Power Distribution Board The PDB contains the connectors which plug directly into the flight battery. It is responsible for routing power to each of the ESCs and motors, as well as providing the correct type of power (correct voltage) to the flight controller, RC system, and video transmitter. PDBs can cost between $5-$30. Click to read more.
 
RC Receiver The RC Receiver is a wireless command receiver that takes its commands from the RC transmitter, which is the controller you hold in your hands that looks like an advanced Xbox or PS4 controller. RC receiver and transmitter brands are generally paired, and different types of receivers will not talk to different types of transmitters. Most miniquad pilots use RC systems that operate on the 2.4GHz frequency band: the same band that Bluetooth, WiFi, and your microwave oven operate on. Hundreds of radio control systems can operate on this band at once no problems. An RC receiver can cost between $20 and $80. Click to read more.
 
Video Transmitter The video transmitter, or video TX, connects to the flight camera to transmit a video feed directly to wearable goggles or a monitor near the pilot. Most miniquads use the 5.8GHz bands to transmit video, which is the same band used by some WiFi routers. Video transmitters generally cost between $30 and $60. Click to read more.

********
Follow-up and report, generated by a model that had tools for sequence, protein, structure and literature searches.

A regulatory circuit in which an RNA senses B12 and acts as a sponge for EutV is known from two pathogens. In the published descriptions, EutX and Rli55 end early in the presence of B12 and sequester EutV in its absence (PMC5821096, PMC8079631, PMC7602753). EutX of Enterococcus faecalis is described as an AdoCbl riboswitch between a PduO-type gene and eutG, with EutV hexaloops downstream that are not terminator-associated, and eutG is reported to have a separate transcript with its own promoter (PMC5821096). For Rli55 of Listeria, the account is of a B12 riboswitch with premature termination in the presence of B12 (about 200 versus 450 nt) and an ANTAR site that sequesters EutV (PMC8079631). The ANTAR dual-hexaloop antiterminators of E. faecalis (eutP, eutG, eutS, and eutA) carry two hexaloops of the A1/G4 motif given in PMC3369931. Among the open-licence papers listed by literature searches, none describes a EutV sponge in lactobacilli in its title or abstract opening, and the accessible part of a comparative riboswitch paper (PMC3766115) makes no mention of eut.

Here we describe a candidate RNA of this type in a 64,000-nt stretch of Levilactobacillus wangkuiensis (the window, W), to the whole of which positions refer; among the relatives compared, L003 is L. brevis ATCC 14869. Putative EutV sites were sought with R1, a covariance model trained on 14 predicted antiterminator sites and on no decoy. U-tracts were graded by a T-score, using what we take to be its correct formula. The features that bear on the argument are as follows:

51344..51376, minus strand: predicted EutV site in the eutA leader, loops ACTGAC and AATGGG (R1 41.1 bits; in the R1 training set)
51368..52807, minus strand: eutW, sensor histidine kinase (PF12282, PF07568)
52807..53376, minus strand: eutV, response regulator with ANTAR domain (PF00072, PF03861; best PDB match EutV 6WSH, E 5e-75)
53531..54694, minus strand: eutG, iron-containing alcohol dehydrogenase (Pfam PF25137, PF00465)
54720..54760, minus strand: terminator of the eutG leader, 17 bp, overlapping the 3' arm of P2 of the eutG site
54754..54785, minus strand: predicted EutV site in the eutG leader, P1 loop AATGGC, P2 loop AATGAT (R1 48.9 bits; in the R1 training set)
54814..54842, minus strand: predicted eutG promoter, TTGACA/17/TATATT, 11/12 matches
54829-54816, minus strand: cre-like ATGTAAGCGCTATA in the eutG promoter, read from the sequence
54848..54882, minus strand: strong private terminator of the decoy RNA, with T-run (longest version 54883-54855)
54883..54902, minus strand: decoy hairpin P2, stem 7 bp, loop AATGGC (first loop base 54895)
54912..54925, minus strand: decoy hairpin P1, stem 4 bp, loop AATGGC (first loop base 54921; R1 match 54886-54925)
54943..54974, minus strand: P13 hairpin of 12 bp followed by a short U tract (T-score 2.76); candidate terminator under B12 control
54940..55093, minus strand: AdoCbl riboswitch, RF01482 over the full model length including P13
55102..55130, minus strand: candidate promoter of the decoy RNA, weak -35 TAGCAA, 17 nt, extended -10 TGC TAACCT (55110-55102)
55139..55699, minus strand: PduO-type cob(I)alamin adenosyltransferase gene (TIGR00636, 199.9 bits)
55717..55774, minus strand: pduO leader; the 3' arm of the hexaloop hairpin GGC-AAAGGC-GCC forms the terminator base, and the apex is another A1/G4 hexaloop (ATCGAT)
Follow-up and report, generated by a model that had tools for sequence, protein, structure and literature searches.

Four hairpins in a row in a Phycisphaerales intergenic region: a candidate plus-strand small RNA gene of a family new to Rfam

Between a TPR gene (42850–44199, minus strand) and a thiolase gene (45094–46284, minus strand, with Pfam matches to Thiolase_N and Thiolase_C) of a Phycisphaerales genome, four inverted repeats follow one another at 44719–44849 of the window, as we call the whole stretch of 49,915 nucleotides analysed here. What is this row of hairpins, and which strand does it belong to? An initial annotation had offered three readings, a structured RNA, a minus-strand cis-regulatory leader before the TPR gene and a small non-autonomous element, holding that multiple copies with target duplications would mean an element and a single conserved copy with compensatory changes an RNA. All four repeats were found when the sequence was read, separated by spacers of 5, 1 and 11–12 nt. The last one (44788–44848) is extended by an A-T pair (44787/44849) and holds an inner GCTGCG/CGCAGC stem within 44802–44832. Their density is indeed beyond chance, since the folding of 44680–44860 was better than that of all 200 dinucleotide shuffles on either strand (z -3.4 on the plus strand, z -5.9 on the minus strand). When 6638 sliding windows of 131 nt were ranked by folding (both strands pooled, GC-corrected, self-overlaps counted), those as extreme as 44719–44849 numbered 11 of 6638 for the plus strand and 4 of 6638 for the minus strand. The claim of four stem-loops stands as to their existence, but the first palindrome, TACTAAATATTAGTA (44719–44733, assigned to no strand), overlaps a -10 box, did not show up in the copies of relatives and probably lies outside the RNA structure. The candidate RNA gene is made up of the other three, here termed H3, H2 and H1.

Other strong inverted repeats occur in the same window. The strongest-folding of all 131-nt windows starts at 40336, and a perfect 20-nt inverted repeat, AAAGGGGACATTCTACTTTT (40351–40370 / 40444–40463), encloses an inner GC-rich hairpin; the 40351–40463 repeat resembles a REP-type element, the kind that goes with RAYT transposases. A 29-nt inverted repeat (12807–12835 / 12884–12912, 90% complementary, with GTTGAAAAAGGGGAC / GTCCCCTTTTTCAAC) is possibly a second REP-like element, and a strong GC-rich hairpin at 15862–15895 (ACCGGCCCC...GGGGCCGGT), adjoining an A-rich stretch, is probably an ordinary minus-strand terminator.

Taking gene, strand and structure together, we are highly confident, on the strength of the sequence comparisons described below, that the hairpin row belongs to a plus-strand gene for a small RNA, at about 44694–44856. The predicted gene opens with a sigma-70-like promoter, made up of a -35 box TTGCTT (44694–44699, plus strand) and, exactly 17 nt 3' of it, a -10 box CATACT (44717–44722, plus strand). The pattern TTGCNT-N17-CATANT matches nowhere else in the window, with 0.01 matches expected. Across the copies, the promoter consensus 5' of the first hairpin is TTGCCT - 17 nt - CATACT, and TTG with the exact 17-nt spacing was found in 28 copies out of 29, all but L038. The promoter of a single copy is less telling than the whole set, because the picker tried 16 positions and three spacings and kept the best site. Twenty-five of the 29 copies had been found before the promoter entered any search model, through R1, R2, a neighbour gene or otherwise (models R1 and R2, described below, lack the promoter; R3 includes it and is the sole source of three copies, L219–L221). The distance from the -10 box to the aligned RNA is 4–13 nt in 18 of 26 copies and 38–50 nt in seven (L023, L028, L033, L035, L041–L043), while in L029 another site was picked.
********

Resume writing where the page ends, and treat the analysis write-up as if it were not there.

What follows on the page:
Frame The frame is the outer skeleton of the miniquad. It is generally a set of flat plates that are laser-cut out of carbon fiber which are sandwiched together with aluminum screws and standoffs. It consists of two major parts: the four arms, on which the motors are mounted, and the body, where the electronics reside. A good frame is generally built extremely tough, such that you will rarely be replacing or fixing it, even after repeated crashes. Frames generally cost between $40-$120.

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FPV Flight Camera Miniquad pilots generally fly with separate flight cameras and HD recording cameras (like a gopro). The reason for this is almost entirely latency. Latency is the amount of time it takes for a camera to take a picture of something and then be able to send it to your eyeballs. The latency of a HD camera like a GoPro can be as much as half of a second (500ms). However, FPV (first person view) pilots found out long ago that the small cameras made for the security industry have almost no latency and fit perfectly onto radio controlled vehicles. Thus, most miniquads nowadays fly with modified variants of miniature security cameras onboard. These generally cost between $30 and $50.
 
Battery Like Tesla cars, laptops and Boeing 787s, miniquad use lithium batteries as their power sources. These batteries have a huge amount of power packed into a small, lightweight packaging. They are generally categorized by the voltage they put out, “3S” for 11.1V batteries on the low-power side, and “4s” for 14.8V batteries on the high-power side. A battery in a racing miniquad generally only lasts 3-5 minutes, so most pilots carry several of them at all times. Batteries for mini-quads generally cost $12-$40.